Thinking about becoming a DJ? Where to start? Right here.
What is the quickest route to you becoming a DJ is to decide that you’re ready and make it happen.
Try it, Practice. They say learn all you can, but you can get stuck learning as if that were the goal. Application and learning are a feedback cycle. Learn something, practice it, don’t learn something new all the time.
So many options out there you may have asked yourself “how do I get started?”
If you’re in it for sure then you will want to get a bit of gear
- Online – you can try beat matching right now
- Software for beginners, top in their category
- Mixxx – open source
- algoriddim DJ pro ~$50
- Virtual DJ
- Comes as a free (home) version
- Pro version for – $300. I would recommend Ableton for this amount
- also comes in a $99 limited version, with upgrade path
- Serato – $129
- Ableton – $300 and up
- Rekordbox – $129 but free for use as a preparation software for CDJs
- Vinyl or CDs if you’ve got friends who DJ
- Buy your own turntables or CDJs
- Pick up some used ones from craigslist or kijiji
- again, ask your friends, then you can network even if you have to pay
What do I look for in terms of gear?
Borrow / rent is hard to get enough hours in of practice.
- The general rule is “Buy cheap, buy twice.”
- Buuuut, if you learn on cheaper equipment you will be better when you have access to club standard. It will feel like butter. I learned on some turntables that had a slight amount of drift, and were slow to adjust pitch. This gave me the bad habit of riding the fader, but when I played on technics at shows, it all feel into the pocket.
- All contollers reviewed: http://www.digitaldjtips.com/dj-controllers-gear-buyers-guide-2016/
Who’s advice should I trust?
- Music schools
- Are they a dedicated electronic music and DJ school? Or do they have many things going on? The wider their musical focus, the shallower it is likely to be.
- Lessons from Tutors or friends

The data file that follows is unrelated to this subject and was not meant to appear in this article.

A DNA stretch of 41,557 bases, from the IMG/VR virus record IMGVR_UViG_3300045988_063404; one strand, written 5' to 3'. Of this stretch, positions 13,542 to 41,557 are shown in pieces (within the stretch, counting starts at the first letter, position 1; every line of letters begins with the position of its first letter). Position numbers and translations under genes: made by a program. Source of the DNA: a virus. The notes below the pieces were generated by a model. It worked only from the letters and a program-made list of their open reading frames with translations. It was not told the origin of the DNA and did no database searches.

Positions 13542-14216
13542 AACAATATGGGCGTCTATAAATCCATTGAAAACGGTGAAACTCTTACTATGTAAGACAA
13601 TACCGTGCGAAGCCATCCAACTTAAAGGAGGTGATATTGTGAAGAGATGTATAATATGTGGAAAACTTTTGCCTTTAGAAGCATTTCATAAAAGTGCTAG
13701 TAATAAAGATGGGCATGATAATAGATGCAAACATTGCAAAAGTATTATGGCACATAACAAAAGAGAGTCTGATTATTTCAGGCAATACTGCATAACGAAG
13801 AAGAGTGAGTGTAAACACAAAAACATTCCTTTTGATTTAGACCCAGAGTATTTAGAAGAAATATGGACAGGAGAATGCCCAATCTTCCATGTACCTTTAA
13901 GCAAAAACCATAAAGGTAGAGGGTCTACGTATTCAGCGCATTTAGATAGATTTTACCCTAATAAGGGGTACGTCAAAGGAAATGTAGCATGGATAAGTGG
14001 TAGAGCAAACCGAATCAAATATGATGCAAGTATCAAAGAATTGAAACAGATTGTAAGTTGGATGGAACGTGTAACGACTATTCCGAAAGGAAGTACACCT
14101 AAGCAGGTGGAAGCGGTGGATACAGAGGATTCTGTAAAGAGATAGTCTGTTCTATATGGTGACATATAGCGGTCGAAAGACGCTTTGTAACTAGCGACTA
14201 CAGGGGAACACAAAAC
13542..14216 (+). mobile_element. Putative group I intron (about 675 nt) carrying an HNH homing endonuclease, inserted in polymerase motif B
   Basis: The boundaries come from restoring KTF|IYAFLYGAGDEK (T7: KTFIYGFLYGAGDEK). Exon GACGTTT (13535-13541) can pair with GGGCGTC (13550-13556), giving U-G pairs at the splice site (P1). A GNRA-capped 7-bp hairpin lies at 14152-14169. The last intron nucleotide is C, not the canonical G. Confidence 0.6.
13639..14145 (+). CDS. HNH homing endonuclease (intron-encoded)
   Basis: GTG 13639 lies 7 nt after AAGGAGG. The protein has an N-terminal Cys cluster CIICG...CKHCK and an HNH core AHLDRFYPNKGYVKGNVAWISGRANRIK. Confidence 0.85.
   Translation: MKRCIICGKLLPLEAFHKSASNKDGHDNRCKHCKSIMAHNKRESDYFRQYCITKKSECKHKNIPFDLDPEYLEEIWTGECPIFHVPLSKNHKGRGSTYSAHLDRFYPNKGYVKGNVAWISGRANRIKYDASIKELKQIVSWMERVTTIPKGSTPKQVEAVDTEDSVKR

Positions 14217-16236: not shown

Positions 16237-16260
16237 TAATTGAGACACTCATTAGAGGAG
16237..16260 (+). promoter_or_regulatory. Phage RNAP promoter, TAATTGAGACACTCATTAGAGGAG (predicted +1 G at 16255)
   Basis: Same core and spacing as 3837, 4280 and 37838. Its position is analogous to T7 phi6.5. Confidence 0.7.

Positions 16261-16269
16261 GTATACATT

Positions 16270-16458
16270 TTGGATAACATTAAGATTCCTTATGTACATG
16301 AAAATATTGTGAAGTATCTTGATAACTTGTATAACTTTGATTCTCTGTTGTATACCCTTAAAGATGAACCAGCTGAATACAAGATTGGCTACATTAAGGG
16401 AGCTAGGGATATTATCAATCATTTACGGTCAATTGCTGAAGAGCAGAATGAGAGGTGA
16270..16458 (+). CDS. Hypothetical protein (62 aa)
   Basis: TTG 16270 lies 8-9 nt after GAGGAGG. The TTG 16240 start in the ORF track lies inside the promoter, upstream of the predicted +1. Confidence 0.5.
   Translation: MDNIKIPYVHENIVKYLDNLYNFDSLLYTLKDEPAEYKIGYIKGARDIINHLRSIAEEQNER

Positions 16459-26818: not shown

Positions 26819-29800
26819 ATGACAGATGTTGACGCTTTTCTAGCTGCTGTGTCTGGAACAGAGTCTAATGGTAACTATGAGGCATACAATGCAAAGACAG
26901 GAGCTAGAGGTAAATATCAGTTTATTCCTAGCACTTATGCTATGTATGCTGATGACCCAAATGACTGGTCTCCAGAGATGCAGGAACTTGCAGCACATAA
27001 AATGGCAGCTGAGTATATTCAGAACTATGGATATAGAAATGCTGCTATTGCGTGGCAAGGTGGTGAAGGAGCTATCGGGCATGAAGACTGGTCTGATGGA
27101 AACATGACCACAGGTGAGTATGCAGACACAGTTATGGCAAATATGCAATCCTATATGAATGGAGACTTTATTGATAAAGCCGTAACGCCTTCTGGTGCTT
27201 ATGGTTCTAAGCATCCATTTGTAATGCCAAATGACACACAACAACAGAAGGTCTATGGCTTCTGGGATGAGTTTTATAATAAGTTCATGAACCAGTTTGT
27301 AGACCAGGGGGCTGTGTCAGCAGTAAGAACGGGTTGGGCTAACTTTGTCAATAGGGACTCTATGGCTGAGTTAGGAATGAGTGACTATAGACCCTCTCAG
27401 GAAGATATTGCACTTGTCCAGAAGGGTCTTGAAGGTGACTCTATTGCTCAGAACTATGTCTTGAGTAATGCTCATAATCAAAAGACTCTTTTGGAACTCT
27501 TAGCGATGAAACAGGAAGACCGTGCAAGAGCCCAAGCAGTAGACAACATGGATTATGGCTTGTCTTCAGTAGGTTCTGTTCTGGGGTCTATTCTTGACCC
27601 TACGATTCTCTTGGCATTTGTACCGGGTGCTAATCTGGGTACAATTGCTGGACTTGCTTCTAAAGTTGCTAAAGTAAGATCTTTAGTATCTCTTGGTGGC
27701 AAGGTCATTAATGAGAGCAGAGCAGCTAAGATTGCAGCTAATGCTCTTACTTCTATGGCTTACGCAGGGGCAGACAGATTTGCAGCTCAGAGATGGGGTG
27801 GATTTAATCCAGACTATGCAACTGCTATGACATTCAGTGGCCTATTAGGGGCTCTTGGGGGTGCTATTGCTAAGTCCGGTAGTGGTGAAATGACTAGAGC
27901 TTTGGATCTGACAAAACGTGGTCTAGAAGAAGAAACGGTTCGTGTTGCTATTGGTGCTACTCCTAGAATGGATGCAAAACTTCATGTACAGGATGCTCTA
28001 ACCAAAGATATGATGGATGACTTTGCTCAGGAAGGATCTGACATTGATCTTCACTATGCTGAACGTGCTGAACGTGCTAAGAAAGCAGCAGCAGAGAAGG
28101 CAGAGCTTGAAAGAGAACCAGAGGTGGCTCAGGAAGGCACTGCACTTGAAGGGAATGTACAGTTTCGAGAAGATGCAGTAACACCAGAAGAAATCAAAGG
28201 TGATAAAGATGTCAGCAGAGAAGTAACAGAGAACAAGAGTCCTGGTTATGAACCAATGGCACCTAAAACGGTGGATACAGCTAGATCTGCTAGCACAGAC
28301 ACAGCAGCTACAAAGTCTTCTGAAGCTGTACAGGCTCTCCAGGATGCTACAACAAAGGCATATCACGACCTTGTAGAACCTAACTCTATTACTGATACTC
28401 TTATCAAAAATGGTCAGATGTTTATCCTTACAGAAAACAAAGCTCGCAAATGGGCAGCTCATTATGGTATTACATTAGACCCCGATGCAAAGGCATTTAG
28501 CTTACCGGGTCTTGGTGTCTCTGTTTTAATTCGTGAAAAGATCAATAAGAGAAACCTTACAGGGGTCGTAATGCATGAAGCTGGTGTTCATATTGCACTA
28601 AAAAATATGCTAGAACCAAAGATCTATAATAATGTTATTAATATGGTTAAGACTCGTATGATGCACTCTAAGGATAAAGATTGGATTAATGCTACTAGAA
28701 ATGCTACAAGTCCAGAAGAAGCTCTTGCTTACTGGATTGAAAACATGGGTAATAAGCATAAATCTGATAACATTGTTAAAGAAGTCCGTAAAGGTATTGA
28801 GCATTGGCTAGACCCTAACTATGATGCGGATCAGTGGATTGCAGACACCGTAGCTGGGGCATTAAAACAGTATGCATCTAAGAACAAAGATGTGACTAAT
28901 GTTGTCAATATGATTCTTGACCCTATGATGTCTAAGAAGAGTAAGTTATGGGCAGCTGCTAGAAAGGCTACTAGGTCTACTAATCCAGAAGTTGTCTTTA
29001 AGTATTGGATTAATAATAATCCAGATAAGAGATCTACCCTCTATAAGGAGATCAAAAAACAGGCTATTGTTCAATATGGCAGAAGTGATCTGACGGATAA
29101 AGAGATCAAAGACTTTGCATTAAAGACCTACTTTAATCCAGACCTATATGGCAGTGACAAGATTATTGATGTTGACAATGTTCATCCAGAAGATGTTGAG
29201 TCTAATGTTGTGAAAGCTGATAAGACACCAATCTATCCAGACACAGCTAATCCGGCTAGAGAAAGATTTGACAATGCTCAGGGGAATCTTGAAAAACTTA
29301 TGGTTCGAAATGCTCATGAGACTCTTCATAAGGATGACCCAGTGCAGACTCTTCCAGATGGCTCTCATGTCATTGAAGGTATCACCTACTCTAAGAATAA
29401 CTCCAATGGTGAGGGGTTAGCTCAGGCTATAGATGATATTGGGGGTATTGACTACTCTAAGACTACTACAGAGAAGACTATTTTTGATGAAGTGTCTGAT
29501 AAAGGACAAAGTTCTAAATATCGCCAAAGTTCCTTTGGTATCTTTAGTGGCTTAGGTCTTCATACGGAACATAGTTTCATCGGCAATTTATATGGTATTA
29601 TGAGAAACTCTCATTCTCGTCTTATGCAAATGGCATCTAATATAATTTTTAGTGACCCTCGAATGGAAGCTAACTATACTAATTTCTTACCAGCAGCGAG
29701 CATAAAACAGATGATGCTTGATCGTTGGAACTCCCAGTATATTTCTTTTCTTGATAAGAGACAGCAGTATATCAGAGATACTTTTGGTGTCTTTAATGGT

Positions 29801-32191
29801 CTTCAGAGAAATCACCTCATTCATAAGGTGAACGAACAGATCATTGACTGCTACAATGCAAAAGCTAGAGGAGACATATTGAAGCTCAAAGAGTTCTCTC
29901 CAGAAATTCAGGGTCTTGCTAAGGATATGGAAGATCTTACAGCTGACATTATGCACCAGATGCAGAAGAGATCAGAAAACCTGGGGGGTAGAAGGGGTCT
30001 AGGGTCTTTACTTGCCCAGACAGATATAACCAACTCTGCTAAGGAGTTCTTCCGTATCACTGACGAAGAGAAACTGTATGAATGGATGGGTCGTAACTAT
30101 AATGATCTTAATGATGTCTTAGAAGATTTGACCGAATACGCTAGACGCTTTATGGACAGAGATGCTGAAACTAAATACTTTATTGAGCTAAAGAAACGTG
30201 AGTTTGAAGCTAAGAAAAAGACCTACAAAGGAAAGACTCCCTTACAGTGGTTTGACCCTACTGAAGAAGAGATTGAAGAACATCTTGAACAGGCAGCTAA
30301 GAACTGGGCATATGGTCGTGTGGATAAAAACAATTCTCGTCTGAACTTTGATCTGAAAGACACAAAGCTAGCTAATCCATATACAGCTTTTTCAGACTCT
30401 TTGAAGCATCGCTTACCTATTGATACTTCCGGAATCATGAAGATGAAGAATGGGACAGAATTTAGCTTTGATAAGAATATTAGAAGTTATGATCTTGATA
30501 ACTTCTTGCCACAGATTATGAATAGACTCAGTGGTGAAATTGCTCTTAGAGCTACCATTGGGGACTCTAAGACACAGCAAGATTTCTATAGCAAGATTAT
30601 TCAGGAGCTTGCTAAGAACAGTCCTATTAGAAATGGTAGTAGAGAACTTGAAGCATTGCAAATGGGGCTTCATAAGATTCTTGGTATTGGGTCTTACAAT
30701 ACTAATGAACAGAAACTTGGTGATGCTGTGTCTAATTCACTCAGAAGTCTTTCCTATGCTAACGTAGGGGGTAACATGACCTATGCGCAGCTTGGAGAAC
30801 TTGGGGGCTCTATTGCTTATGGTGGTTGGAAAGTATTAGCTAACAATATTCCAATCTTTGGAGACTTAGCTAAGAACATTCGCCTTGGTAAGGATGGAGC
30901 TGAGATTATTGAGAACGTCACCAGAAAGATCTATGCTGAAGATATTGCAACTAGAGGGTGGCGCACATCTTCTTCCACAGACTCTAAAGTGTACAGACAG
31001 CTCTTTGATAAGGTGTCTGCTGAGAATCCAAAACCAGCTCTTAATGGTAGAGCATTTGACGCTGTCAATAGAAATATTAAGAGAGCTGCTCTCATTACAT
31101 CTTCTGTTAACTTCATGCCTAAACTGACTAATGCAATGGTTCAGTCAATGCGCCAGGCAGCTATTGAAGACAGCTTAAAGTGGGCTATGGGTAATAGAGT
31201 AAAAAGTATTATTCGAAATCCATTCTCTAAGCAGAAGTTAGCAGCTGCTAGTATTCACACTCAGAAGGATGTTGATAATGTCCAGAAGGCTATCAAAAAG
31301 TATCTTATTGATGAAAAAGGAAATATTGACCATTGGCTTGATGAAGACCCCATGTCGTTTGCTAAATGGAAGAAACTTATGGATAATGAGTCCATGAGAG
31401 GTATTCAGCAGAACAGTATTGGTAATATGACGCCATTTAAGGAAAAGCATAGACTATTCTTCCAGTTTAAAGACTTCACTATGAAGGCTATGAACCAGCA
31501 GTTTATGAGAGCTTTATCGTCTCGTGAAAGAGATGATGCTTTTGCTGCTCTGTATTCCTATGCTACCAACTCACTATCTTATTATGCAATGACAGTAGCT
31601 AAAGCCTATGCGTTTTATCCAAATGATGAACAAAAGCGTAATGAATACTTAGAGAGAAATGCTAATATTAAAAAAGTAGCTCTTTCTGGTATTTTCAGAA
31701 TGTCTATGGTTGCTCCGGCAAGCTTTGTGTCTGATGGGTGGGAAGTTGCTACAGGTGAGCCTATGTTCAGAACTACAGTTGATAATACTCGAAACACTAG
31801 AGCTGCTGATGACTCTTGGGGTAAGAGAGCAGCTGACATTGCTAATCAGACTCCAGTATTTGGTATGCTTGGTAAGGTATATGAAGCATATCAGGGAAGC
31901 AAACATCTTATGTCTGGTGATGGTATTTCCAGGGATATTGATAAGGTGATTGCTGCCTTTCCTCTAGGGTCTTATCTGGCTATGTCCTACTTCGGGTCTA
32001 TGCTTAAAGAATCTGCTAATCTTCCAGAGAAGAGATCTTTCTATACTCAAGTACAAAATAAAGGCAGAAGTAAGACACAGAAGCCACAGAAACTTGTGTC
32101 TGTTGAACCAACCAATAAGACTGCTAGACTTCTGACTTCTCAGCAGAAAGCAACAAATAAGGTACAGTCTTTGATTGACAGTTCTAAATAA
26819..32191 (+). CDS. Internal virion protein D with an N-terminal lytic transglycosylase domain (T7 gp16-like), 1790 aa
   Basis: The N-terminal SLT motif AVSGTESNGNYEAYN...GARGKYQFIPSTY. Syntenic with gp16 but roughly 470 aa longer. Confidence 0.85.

Summary of the points in the video below, and my commentary:
- longterm hobby. can pay for itself, but it will take a while before it can bring in income. make it a passion.
- start talking to people. network early. meet the club DJ. be a regular. connections and advice.
- try it before you buy it. lessons, friends.
- I would suggest trying before buying, mouse only is a good way to learn if you like it enough to keep going.
- keyboard mapping
- took him 3-4 years to solidify his talent enough to play for others
- I helped a protegé (Asha) and she was playing gigs almost immediately, and handled multiple gear failures and unexpected problems with grace, and the audience had no idea.
He talks a lot about finding out whether it’s really what you want to do. And it’s true that it’s a long game. There’s so many DJs right now (arguably too many DJs) if you want to do it professionally then you’ll have to focus. The accessibility and sharing of music is a great thing, and sharing of mixtapes should never die. Maybe ubiquitous DJ nights are just a new evolution of that.
So, don’t do it for the money and fame if that’s your motivation. And if you really want that, you better pour yourself into it. Personally, I’ve found a nice balance where I can choose the number and size of my gigs, make a bit of money, and still have plenty of time for writing music and other career & life things. It’s a great hobby, especially while you’re young and active in the party scene.
I can help you reach your goals. If you want a coach, teacher and tutor, get in touch.
Relevant Sources for More Information
Also check this one: https://www.djmastercourse.com/become-a-dj-where-to-start/
The first article out of that keyword search (see headline) that was actually technique.